“Helen was imbued with confidence in the revolutionary capacity of the working class and the power of political principle”

We are publishing here the tribute to Helen Halyard written by Clara Weiss, the national secretary of the International Youth and Students for Social Equality (US) and member of the International Editorial Board of the World Socialist Web Site.

It is difficult to do justice to an individual like Helen. I would like to highlight only two elements that stood out to me.

The first was her extraordinary firmness of principle. Everyone who ever met Helen knows that she was tremendous fun and a deeply human, sensitive and empathetic individual, who radiated love of life and joy of struggle. But she was above all a figure of exceptional political and moral firmness and character.

Helen discusses with workers and youth at the Committee Against Utility Shutoffs rally, March 12, 2011.

She had a very objective attitude toward all historical questions, above all the history of the movement. She had not only thoroughly assimilated the great historical questions on the basis of which she herself and her entire generation had been won to Trotskyism, but she also continued to rework them, based on new developments in the class struggle.

She often spoke about the struggle against black nationalism, which won her to Marxism. She understood the lessons from that struggle, not simply from the standpoint of her individual political biography, but rather from the standpoint of the tasks facing Marxists in the struggle to train revolutionary workers. She therefore continued to place great emphasis in her own work, over decades, on the struggle against racialism and all forms of nationalism that are deployed by the bourgeoisie to divide the working class.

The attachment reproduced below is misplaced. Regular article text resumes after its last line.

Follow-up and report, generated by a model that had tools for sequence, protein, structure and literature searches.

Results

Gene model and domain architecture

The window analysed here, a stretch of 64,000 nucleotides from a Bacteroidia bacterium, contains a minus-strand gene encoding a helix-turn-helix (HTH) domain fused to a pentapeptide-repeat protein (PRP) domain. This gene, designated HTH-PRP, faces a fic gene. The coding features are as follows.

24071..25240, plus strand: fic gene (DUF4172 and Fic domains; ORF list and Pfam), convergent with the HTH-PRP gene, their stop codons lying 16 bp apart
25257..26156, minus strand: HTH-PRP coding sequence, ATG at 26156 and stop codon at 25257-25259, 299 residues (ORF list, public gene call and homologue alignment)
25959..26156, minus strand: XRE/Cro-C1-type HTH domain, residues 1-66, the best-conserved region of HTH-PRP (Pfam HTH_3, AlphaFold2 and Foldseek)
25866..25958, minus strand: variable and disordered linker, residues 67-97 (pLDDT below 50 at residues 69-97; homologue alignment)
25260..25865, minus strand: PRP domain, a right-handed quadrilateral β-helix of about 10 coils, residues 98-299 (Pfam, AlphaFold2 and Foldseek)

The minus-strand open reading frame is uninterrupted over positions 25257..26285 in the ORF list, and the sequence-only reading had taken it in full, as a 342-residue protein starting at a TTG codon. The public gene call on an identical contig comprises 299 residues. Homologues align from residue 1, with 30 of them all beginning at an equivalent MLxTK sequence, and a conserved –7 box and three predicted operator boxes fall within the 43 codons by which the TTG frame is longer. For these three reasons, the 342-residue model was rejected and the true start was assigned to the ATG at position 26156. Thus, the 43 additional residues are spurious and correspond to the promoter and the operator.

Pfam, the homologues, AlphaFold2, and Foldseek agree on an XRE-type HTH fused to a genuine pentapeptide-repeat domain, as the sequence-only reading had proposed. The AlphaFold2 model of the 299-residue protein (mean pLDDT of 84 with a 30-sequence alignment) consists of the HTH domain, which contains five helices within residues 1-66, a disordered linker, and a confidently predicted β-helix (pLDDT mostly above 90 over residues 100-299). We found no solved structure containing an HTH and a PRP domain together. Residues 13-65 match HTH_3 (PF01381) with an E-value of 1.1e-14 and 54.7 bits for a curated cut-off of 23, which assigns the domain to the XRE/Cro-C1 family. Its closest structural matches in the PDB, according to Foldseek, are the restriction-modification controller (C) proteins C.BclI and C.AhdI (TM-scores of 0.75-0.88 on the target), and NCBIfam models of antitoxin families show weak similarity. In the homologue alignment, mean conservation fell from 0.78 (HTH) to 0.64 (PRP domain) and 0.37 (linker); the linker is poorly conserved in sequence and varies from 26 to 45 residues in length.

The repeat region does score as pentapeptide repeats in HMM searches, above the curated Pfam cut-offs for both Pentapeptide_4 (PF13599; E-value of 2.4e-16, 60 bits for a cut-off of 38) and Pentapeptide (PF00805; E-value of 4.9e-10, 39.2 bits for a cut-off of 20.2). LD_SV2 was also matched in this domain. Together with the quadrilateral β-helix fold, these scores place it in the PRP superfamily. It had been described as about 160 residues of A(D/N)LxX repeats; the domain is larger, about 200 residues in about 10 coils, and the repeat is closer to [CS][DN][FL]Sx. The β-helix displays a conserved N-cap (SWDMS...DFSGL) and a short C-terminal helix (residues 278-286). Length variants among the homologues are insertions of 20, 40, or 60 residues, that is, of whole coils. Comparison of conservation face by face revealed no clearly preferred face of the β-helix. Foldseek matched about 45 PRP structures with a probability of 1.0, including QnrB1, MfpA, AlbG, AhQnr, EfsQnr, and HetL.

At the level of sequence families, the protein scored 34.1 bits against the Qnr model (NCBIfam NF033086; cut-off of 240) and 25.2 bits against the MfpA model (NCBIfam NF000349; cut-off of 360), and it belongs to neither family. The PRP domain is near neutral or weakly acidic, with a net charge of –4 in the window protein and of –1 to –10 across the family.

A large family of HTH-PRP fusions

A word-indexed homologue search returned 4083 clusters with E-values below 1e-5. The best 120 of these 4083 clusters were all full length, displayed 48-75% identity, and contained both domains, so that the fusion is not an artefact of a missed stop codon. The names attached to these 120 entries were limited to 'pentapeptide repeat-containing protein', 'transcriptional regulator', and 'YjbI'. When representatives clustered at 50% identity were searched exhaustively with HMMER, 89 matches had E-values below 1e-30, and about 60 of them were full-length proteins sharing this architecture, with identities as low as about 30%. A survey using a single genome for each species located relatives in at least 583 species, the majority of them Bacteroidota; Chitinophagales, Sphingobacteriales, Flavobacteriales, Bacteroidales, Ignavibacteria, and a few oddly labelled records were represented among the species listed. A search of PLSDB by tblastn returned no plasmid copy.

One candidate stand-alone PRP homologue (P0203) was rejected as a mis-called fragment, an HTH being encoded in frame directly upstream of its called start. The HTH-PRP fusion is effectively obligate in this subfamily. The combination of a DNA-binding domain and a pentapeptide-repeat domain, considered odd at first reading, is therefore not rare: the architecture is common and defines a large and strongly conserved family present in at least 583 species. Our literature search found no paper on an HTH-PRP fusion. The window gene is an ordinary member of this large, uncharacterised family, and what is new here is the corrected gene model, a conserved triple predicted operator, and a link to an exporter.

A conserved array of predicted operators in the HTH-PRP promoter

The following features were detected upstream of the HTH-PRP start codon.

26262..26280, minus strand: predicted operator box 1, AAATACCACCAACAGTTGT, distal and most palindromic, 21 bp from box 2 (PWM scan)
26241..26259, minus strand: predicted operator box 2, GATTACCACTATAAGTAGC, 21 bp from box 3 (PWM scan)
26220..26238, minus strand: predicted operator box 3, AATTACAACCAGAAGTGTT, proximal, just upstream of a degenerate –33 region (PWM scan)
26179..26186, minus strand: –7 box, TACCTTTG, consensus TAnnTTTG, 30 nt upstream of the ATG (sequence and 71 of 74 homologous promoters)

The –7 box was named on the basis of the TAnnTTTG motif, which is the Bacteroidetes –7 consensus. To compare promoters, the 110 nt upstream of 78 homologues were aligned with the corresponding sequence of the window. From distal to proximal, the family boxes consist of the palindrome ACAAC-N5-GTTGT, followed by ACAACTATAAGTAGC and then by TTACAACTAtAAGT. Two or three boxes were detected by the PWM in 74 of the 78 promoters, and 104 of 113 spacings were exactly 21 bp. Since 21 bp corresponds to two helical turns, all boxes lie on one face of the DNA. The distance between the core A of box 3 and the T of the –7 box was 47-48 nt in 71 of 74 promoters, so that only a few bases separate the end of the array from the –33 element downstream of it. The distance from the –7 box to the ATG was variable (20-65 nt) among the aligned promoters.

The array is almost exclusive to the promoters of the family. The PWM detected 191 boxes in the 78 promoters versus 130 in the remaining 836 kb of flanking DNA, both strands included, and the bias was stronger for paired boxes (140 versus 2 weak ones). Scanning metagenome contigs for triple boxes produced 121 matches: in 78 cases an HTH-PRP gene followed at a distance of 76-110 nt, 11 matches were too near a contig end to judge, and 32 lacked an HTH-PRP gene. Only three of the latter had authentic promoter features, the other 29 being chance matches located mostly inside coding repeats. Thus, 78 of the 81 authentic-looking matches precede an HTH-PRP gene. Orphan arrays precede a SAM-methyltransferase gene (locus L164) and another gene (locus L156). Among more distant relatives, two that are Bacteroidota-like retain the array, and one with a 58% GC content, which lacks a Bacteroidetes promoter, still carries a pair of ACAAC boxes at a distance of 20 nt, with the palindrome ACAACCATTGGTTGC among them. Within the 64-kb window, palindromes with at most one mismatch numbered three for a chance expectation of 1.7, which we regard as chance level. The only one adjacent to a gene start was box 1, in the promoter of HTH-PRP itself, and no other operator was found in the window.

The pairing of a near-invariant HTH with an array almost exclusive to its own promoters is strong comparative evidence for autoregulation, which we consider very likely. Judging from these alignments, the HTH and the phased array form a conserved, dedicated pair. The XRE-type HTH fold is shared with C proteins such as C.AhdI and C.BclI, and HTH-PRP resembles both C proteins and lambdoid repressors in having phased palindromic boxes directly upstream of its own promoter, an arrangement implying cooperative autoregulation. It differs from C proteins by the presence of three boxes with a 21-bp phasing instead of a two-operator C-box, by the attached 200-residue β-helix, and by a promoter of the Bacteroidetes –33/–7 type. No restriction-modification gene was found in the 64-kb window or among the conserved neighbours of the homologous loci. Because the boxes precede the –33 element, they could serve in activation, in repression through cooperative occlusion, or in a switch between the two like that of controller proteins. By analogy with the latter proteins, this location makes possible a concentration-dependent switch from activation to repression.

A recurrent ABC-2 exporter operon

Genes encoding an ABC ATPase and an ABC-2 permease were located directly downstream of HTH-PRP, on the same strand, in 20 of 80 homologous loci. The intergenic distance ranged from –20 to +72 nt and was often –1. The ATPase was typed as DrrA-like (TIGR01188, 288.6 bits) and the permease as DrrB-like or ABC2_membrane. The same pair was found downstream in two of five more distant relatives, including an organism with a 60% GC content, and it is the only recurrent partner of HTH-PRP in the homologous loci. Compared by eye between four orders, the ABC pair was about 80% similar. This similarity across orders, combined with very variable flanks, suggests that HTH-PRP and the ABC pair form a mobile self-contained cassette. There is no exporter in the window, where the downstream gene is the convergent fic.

It is worth highlighting some of the works she wrote or co-wrote for the WSWS: Ebonics and the Danger of Racial Politics, the review of Michelle Alexander’s The New Jim Crow, and a review of the movie Judas and the Black Messiah. All of them were thoughtful, principled and serious Marxist works.

Many comrades, especially young comrades, have noted how much they learned from Helen as a teacher, mentor and friend. While true, none of these terms fully captures the complexity and richness of her relationship with the party cadre, of which she was such a central part and leader for an entire historical period. To the terms above, I would add that she was like a political rock.

She was someone everyone knew they could lean on for advice, both as individual cadre and the party as a whole. She was imbued with a deep, lived confidence in the revolutionary capacity of the working class and the power of political principle. This shaped her entire conduct toward the cadre.

She dedicated great energy, thought and attention to political education, especially of the newest and youngest members of the party, for whom she always had curiosity, time and understanding. When she was asked for her views on political, historical or cultural matters, her comments would always be thoughtful, honest, to the point and informed by a serious and very objective consideration of the history and principles of the movement.